Harper Government Highlights Widespread Benefits to Agricultural Industry of Historic Canada-EU Trade Agreement

Deeper trade with European Union will create new jobs and opportunities for Saskatchewan’s agricultural industry

November 8, 2013 - The Honourable Lynne Yelich, Minister of State (Foreign Affairs and Consular), today said that Saskatchewan’s agricultural industry will greatly benefit from the Canada-European Union Comprehensive Economic and Trade Agreement.

“This historic trade agreement is Canada’s most comprehensive and ambitious ever and is a big win for Saskatchewan’s agricultural industry,” said Minister of State Yelich. “Families who rely on this sector stand to benefit from the preferential access this agreement provides to the largest and most lucrative market in the world. Farmers, producers, processors and workers in Saskatchewan’s world-class agricultural industry will enjoy lower tariffs and increased access to the EU market, which will create new jobs, new opportunities and higher wages.”

Minister of State Yelich met with agricultural stakeholders at an event in Saskatoon hosted by SaskPork.

Canadian agricultural exports to the EU face high tariffs averaging 13.9 percent. When the Canada-EU trade agreement is fully implemented more than 95 percent of the EU’s agricultural tariffs will be eliminated, including those levied on processed agricultural products and beverages.

“Saskatchewan’s pork producers will benefit greatly from the Canada-EU trade agreement,” said Florian Possberg, Chairman of SaskPork. “The EU is a very important international market for our pork products, one with lots of potential for growth. The agreement will help us take advantage of such opportunities and ensure long-term prosperity for pork farmers, processors and workers.”

For high-quality Canadian pork, the Canada-EU trade agreement will establish a duty-free tariff rate quota of over 81,000 tonnes for exports to the EU.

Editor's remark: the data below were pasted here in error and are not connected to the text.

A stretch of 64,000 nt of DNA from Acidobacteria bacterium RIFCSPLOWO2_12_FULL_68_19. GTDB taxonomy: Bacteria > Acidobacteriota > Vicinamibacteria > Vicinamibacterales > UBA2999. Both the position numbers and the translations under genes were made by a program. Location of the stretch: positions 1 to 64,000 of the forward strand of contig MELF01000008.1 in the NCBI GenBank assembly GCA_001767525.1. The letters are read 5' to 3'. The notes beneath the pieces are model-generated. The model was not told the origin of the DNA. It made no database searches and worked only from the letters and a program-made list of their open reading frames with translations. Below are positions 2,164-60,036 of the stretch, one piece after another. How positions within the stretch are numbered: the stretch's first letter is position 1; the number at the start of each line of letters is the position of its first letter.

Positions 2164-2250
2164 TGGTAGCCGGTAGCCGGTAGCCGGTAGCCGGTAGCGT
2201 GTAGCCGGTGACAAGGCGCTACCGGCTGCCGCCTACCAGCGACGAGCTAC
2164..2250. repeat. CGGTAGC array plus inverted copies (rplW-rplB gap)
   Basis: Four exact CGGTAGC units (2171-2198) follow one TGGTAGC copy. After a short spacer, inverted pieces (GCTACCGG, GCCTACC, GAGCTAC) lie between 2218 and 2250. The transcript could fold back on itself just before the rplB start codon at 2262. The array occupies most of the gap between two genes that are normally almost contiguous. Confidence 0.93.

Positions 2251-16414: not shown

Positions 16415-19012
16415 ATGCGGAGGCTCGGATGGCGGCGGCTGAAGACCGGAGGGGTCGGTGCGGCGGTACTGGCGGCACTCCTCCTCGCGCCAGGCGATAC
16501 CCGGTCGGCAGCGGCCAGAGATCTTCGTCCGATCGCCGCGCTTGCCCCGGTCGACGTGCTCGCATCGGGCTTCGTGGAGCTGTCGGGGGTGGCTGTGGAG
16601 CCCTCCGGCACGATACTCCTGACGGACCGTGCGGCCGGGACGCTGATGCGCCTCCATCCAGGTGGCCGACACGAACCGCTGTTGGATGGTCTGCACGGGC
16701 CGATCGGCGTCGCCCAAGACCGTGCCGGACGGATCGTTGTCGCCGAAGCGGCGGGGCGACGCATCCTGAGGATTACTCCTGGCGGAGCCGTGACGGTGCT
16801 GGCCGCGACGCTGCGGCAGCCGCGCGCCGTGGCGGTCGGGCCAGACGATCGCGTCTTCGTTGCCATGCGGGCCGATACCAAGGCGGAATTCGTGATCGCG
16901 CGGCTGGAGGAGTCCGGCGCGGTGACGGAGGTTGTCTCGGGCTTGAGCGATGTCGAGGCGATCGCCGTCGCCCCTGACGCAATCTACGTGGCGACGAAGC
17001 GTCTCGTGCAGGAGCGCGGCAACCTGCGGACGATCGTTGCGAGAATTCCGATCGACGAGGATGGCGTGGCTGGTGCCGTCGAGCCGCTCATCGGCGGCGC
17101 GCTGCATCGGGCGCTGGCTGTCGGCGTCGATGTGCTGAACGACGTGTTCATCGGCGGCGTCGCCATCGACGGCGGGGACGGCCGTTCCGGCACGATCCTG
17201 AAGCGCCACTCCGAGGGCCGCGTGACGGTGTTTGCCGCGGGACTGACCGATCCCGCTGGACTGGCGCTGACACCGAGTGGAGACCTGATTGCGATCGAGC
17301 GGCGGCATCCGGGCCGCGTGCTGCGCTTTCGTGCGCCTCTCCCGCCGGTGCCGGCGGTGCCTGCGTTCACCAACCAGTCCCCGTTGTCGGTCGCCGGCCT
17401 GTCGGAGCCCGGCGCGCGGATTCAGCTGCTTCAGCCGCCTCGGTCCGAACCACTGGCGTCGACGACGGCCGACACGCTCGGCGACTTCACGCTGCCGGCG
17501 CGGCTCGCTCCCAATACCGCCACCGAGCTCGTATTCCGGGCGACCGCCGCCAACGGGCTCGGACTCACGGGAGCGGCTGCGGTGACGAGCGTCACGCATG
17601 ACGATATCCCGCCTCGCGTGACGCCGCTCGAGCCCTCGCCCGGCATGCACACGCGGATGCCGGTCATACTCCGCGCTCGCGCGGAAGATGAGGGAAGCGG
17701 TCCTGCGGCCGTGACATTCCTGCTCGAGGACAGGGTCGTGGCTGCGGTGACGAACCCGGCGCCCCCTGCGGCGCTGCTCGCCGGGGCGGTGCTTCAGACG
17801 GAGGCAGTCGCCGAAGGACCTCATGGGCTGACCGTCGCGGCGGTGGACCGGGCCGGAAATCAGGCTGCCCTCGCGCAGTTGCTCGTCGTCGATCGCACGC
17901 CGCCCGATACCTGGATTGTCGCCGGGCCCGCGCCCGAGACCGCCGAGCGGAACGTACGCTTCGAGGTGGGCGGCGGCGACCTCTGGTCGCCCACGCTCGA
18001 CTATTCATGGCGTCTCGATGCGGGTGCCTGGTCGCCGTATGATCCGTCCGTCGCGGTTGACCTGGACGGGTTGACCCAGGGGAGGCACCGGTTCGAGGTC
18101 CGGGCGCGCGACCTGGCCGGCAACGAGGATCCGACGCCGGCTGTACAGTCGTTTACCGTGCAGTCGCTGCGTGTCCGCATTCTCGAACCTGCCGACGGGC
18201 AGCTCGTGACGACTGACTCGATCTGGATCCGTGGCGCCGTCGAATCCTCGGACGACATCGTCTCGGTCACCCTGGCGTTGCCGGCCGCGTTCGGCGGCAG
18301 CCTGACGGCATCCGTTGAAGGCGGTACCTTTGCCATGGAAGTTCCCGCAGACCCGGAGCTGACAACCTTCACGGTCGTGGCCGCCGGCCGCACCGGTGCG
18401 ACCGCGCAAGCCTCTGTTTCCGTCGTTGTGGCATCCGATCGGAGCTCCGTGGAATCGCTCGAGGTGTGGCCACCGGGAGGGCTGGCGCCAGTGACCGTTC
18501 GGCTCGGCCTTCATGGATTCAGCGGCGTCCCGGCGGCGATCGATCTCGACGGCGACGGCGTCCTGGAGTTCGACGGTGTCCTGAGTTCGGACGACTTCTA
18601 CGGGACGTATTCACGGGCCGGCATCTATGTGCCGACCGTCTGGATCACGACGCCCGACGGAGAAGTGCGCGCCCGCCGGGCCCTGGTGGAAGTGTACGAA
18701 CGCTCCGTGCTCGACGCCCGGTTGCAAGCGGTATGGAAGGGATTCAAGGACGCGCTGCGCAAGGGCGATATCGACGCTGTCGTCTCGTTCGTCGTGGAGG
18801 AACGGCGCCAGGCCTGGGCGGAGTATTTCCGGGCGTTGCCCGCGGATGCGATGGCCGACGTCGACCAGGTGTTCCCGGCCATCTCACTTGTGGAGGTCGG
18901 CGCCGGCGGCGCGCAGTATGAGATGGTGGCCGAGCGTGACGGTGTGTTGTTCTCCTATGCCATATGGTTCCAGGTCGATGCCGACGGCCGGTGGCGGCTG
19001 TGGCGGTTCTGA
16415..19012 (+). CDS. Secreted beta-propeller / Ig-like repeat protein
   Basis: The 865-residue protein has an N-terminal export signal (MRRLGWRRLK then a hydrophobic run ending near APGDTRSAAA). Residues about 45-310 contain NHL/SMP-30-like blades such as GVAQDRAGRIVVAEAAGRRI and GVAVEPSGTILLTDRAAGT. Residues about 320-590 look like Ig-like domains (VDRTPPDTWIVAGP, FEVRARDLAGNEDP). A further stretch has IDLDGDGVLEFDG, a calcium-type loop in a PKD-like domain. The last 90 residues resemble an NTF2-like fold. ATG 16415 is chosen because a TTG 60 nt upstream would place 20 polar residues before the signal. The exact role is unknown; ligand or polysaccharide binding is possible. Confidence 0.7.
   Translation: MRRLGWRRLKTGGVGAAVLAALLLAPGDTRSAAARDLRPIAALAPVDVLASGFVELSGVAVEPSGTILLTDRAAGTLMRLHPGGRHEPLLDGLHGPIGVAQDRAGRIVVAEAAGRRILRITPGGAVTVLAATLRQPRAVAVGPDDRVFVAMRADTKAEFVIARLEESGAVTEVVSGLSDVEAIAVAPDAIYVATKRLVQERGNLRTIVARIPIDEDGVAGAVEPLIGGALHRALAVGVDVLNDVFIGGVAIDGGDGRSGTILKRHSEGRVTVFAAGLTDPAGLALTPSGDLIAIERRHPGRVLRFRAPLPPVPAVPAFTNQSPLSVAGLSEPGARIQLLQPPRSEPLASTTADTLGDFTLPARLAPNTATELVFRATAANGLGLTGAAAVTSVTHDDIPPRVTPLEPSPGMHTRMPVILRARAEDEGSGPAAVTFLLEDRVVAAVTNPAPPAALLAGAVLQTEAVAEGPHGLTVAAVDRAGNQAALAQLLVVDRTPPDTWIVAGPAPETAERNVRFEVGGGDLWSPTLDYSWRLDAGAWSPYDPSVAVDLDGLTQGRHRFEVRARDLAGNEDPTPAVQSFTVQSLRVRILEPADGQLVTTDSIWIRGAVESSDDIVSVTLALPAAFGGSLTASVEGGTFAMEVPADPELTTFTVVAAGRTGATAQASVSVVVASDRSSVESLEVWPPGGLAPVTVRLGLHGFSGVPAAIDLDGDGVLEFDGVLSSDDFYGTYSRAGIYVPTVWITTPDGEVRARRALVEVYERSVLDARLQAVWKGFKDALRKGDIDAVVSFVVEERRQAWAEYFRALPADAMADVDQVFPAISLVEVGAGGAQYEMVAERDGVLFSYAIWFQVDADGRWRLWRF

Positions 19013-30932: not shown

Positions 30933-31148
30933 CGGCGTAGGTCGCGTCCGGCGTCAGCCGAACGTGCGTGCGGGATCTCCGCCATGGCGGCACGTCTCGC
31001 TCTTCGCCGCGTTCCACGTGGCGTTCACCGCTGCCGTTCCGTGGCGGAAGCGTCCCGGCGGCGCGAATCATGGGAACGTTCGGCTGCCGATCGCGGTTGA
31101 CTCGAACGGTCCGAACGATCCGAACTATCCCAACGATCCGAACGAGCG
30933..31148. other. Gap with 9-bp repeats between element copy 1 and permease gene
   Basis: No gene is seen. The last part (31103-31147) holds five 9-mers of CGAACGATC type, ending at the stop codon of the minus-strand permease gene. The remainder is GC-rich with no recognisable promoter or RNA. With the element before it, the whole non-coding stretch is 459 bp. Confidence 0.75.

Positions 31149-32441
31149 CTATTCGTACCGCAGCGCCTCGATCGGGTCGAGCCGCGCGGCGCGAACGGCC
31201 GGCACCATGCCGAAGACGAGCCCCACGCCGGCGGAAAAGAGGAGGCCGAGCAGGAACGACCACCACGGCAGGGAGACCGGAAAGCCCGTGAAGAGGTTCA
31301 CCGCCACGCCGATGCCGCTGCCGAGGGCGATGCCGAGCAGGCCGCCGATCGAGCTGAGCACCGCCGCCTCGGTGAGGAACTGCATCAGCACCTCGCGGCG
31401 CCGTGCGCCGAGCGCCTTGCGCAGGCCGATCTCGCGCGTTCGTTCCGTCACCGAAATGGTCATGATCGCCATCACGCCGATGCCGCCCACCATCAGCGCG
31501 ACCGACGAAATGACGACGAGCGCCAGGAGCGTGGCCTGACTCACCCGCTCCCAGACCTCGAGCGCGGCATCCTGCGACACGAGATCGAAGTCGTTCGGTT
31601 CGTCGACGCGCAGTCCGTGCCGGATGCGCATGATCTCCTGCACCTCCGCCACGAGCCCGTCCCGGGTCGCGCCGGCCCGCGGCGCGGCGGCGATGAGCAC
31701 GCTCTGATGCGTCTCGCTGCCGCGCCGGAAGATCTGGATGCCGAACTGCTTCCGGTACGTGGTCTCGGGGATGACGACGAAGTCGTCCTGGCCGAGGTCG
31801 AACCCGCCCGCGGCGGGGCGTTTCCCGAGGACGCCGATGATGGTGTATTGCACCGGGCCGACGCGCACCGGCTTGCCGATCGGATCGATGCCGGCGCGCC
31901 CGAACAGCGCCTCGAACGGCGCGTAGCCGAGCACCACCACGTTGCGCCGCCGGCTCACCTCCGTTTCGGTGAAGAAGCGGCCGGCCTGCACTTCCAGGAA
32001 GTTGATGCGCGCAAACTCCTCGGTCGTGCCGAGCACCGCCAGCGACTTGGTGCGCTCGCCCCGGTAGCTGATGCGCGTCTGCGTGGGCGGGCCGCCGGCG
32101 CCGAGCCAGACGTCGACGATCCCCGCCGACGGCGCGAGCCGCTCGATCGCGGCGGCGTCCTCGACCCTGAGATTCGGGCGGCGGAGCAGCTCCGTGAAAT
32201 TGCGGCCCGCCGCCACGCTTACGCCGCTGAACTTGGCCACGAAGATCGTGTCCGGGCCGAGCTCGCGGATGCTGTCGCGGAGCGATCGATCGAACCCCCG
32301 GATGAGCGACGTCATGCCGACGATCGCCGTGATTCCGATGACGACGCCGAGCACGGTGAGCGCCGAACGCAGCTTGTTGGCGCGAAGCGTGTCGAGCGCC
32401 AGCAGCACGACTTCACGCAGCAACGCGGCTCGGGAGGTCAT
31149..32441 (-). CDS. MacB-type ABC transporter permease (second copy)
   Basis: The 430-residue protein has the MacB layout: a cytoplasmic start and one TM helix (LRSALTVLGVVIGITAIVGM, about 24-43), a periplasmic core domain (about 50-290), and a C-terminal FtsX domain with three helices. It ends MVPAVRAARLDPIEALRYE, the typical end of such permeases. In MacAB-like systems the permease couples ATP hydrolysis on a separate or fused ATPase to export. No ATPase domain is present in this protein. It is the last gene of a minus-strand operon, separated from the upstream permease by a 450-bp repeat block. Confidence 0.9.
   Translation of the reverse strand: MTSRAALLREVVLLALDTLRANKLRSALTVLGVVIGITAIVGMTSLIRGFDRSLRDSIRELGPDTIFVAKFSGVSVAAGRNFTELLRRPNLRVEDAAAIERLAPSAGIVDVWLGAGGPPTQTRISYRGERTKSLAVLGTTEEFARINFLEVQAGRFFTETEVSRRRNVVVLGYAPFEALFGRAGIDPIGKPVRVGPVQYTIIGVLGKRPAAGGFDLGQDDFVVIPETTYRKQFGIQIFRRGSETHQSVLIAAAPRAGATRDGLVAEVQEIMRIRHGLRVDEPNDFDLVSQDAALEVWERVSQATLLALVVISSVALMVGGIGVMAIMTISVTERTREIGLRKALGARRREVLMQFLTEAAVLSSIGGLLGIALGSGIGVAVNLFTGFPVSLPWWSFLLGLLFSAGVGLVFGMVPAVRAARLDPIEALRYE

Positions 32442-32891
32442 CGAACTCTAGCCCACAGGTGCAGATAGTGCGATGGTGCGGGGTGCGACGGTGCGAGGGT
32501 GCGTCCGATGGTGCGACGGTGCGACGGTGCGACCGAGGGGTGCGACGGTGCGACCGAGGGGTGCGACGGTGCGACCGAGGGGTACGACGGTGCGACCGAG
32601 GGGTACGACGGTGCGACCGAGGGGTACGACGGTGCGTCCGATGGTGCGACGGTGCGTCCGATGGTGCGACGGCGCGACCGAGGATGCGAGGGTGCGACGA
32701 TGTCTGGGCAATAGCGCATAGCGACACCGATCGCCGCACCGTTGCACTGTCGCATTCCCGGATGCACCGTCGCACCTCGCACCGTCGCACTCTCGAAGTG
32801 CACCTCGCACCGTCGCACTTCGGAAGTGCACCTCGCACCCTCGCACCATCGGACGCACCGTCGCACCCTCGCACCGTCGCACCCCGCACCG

Saskatchewan is also home to Canada’s largest grain-producing region, and agriculture and agri-food is the province’s leading economic sector, accounting for 7 percent of GDP in 2012. Of the 43,400 Saskatchewanians employed in the sector, 10 percent work in manufacturing and processing. With long-standing agricultural expertise, Saskatchewan has become the world’s largest exporter of goods such as lentils, peas and mustard seed and it supplies 10 percent of the world’s wheat.

“This deal is great news for prairie grain farmers,” said Kenton Possberg, Saskatchewan Vice President of the Western Canadian Wheat Growers Association. “It will result in more exports of wheat to this high-value market plus an expansion in feed grain demand from the Canadian cattle and hog sector. It all translates into higher prices for our grain.”

On October 18, 2013, Canada and the European Union announced an agreement-in-principle on a landmark trade deal. The 28-country EU represents a market of over 500 million consumers and economic activity worth $17 trillion a year. It has been estimated that the Canada-European Union Comprehensive Economic and Trade Agreement could boost the Canadian economy by $12 billion annually, equivalent to creating 80,000 jobs or boosting the average Canadian family’s income by $1,000 a year.

For more information on how the Canada-EU trade agreement will benefit Saskatchewan, please visit Benefits for Saskatchewan.

For more information on the vast benefits of this agreement to every region of Canada, please visit actionplan.gc.ca/CETA.

- 30 -

For further information, media representatives may contact:

Adria Minsky
Director of Communications
Office of the Minister of State (Foreign Affairs and Consular)

Media Relations Office
Foreign Affairs, Trade and Development Canada
Follow us on Twitter: @Canada_Trade